Scott: What about the pledge to deliver as part of that 10,000 affordable homes over five years? We know that there is a growing issue not just in capital cities but in regional Australia with a lack of supply not just of homes to buy but homes to rent. Is that a good initiative?

Denita: Yes, it is and I think there’s a big issue here about the government, particularly given budgetary constraints, can only do so much. And that is why they’ve brought in the involvement of large institutional investors. They still think it’s important that we have mum and dad investors in the housing market and we’ve seen an uptick in investor activity over the last three months. But nevertheless if we are going to get to the levels of new houses that we’re anticipating under this Accord, then we need more private investment. And super funds have historically looked elsewhere in this space. By and large simply because the returns are not there and if you talk to some of them, they indicate that they are willing to invest if we see some of the high costs of development and investment actually reduced. And a lot of that is not necessarily needing cash injection by governments but rather changes in planning and zoning, changes in how we look at developer charges and the sharing of developer charges, the significant delays that are experienced in respect to development applications and the list goes on. They all add to the costs of building and in fact when we look at the historical data pre-COVID. The cost implications of housing was not because of construction costs but rather because of land costs and that’s what we need to focus our attention on.

Scott: So you are supportive of the idea of say super funds for example, who already as we know are big investors of infrastructure, moving in to the social housing sector if they can work out a decent yield then that as an asset should be no different to a road or any other sort of infrastructure? Don’t you think though, wouldn’t some of your members see that as being big super funds essentially operating in their space? That’s more competition for land, more competition for workers, that kind of thing?

Denita: Well we represent builders as opposed to developers. But nevertheless, builders want to be builder regardless of who is investing in it. I should declare that I am a director of a super fund, and we see, as the director of the super fund, the opportunity to look at housing. But as you quite rightly say we have an obligation to members of super funds to get the returns that we expect on their behalf. And at the moment, certainly there’s been some foray by some super funds into housing but not the extent that they are keen to do so. And as such we need to look at those returns to ensure that they are meeting the expectations of the super funds, rather than simply doing it for altruistic sake. That is certainly not the case. But we acknowledge that it’s not just the super funds. We need to ensure that we are having a system where we are encouraging private investment whether it’s from the mum and dad investors right through to the large institutional investors.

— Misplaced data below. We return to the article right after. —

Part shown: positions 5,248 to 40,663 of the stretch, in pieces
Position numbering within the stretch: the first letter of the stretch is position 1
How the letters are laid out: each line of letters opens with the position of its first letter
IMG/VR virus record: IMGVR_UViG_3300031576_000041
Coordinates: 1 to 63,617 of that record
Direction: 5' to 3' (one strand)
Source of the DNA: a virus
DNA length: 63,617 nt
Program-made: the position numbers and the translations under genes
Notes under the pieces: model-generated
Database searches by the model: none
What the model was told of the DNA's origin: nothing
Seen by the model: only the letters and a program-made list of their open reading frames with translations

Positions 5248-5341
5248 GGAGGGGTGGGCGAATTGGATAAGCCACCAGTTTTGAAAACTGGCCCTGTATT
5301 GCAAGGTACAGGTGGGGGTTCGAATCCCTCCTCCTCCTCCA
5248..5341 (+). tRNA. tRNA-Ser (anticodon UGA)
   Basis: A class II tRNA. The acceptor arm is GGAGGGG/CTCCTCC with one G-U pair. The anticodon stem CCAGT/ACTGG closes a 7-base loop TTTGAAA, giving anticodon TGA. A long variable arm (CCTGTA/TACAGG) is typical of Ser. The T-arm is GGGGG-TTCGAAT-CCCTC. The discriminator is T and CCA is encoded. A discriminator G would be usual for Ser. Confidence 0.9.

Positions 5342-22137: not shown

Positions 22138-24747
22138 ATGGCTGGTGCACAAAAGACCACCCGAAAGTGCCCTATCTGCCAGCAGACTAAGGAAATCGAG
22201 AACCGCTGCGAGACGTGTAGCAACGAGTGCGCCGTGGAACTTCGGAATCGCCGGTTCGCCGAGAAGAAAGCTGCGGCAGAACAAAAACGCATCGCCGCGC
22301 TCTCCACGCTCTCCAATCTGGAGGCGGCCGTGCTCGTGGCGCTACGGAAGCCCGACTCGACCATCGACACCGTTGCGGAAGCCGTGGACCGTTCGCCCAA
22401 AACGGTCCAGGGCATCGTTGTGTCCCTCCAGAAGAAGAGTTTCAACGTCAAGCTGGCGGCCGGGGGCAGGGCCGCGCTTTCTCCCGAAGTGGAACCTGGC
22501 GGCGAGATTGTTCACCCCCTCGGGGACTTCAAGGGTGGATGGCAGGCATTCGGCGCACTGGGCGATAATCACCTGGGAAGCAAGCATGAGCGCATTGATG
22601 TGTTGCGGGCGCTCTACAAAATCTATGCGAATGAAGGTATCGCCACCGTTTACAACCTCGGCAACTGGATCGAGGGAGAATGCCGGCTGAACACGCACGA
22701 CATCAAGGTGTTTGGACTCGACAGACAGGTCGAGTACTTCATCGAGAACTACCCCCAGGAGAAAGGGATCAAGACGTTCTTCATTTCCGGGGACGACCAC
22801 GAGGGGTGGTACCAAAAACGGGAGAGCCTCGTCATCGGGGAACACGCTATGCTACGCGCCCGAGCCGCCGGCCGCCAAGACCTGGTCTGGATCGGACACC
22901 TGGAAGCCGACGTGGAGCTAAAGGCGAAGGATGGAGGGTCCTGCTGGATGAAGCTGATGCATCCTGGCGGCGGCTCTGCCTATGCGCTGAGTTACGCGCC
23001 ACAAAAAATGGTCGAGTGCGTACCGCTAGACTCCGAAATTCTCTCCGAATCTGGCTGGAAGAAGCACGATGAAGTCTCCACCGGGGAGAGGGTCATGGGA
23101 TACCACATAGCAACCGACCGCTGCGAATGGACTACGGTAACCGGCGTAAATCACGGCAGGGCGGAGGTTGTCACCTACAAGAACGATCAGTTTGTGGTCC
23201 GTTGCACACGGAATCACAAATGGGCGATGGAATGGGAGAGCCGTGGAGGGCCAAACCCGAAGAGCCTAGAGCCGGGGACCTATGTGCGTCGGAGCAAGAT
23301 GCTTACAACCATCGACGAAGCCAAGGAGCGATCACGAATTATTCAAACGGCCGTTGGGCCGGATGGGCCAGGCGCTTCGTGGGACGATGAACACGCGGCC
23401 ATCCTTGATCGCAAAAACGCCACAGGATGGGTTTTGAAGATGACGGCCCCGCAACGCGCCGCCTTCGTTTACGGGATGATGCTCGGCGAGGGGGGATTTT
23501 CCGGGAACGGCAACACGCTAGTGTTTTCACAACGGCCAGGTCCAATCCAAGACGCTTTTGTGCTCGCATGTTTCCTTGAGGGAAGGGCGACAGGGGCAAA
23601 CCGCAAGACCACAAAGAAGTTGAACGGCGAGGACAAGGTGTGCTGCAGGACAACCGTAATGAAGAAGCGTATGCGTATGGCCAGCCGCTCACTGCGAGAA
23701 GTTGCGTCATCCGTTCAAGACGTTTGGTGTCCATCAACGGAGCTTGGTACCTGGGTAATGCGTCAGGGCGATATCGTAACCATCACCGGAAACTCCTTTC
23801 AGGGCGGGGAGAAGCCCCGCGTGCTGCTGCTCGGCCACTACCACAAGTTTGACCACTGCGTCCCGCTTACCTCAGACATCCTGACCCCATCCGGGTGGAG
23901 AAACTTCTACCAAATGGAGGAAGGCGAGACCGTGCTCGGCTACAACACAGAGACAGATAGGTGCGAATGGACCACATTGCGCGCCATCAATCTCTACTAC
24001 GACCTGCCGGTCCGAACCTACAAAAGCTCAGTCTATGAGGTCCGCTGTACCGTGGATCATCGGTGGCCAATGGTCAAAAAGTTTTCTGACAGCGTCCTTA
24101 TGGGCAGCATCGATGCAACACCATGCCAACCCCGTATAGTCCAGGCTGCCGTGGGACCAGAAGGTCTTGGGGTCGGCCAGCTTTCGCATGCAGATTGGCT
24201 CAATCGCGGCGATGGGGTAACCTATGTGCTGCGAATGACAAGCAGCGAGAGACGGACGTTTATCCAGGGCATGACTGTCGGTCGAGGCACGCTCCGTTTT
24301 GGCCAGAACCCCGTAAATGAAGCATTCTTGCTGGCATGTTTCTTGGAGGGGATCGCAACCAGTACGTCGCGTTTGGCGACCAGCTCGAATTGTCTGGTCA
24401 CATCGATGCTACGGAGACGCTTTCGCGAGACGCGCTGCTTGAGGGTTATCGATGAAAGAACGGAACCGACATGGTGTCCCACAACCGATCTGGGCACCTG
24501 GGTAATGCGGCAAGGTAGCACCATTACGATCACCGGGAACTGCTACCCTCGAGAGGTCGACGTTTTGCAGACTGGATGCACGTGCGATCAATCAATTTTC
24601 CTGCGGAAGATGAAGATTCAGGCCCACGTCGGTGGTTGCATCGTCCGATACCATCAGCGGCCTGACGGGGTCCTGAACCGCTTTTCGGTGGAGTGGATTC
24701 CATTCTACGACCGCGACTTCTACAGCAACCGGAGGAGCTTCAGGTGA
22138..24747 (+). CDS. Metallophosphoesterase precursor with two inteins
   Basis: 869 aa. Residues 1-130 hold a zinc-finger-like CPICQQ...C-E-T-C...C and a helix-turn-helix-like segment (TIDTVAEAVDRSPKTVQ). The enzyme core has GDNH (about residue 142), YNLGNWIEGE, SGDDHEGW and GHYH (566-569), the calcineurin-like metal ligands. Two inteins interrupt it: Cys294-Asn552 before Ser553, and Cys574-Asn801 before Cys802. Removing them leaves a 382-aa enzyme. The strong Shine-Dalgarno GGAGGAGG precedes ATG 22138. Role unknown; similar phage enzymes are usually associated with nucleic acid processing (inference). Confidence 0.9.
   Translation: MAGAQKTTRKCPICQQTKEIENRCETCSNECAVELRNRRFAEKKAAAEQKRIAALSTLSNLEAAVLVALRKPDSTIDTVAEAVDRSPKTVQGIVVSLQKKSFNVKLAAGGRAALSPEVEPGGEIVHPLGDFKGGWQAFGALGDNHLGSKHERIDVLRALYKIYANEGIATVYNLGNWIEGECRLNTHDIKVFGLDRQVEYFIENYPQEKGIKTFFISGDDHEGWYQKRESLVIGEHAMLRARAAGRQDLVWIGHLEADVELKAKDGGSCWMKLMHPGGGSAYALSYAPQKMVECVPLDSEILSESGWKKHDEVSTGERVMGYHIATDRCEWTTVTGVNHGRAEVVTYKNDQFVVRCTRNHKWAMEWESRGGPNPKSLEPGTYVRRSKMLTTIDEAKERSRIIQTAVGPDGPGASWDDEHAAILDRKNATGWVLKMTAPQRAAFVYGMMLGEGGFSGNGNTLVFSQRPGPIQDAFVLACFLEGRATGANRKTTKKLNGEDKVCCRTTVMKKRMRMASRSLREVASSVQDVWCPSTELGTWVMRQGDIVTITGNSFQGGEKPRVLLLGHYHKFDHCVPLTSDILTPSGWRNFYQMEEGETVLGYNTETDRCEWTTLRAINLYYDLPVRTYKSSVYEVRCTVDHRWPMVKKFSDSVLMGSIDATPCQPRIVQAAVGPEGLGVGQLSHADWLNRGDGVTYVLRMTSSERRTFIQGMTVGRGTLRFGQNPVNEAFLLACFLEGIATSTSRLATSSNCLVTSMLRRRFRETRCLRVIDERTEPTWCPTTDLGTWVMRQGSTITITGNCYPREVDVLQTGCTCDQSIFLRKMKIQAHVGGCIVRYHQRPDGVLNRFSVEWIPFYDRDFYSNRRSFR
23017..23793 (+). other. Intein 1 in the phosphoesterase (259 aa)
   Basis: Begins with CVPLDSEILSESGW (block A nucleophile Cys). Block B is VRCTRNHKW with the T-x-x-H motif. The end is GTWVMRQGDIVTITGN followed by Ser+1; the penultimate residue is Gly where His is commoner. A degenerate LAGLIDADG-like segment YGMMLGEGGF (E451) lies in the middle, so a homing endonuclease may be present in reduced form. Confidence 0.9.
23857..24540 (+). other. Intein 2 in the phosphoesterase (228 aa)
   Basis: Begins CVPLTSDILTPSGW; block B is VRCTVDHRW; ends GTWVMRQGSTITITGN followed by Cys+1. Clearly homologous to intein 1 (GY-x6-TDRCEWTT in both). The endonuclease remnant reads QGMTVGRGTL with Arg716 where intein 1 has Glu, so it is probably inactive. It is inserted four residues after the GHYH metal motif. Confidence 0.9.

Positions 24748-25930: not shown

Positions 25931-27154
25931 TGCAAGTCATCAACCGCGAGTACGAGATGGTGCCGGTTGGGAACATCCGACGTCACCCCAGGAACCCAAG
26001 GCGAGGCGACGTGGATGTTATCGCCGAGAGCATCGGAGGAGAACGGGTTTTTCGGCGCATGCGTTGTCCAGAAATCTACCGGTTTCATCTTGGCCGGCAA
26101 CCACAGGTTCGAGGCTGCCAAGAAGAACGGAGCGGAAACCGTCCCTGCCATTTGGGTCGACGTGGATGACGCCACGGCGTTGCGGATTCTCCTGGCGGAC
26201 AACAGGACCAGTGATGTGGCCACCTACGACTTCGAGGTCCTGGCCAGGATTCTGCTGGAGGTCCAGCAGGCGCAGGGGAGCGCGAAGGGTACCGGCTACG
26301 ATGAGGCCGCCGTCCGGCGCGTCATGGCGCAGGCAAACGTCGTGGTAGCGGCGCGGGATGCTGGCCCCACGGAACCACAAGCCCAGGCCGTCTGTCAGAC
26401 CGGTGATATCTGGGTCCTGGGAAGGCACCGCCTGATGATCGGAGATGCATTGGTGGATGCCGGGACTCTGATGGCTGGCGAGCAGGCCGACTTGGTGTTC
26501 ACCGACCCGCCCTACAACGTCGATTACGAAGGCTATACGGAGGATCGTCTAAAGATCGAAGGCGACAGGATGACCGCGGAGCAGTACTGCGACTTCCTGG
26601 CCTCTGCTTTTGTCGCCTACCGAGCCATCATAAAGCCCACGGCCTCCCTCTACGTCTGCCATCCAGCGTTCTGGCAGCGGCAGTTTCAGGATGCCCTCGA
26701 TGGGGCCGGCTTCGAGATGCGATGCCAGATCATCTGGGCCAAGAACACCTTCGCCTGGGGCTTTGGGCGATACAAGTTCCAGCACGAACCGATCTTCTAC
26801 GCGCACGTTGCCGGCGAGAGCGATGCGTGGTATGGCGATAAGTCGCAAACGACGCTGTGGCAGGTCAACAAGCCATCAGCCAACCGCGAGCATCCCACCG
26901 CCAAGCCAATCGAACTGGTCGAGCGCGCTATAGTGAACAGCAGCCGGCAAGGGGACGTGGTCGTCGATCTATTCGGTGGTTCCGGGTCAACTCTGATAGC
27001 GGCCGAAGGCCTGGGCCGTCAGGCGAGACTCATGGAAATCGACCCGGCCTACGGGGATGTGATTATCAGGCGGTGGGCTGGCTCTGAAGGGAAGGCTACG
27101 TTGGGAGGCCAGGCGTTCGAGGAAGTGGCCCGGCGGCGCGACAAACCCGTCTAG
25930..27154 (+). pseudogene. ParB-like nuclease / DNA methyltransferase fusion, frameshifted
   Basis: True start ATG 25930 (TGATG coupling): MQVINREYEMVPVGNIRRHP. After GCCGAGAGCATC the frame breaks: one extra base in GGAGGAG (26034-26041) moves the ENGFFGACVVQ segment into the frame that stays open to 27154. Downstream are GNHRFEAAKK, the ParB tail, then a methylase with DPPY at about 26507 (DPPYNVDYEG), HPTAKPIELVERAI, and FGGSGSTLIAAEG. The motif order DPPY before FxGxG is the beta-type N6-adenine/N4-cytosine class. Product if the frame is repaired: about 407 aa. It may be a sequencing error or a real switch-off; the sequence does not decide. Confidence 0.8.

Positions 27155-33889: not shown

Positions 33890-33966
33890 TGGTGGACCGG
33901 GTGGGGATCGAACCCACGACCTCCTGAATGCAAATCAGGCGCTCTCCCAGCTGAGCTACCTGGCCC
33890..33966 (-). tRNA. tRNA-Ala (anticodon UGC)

Scott: Alright Denita, there’s a long way to go in this story as you say it’s 2024 before any of this one million homes, under this policy announcement, construction would actually start. Let’s see what happens over the next couple of years because the inflation story and a whole lot of other issues around labour supply of course and material supply as we’ve discussed are also going to have to play out before the landscape is a bit clearer. Much appreciate your time today.

Denita: Pleasure as always. Thank you so much.

Media contact:
Dee Zegarac
National Director, Media & Public Affairs
0400 493 071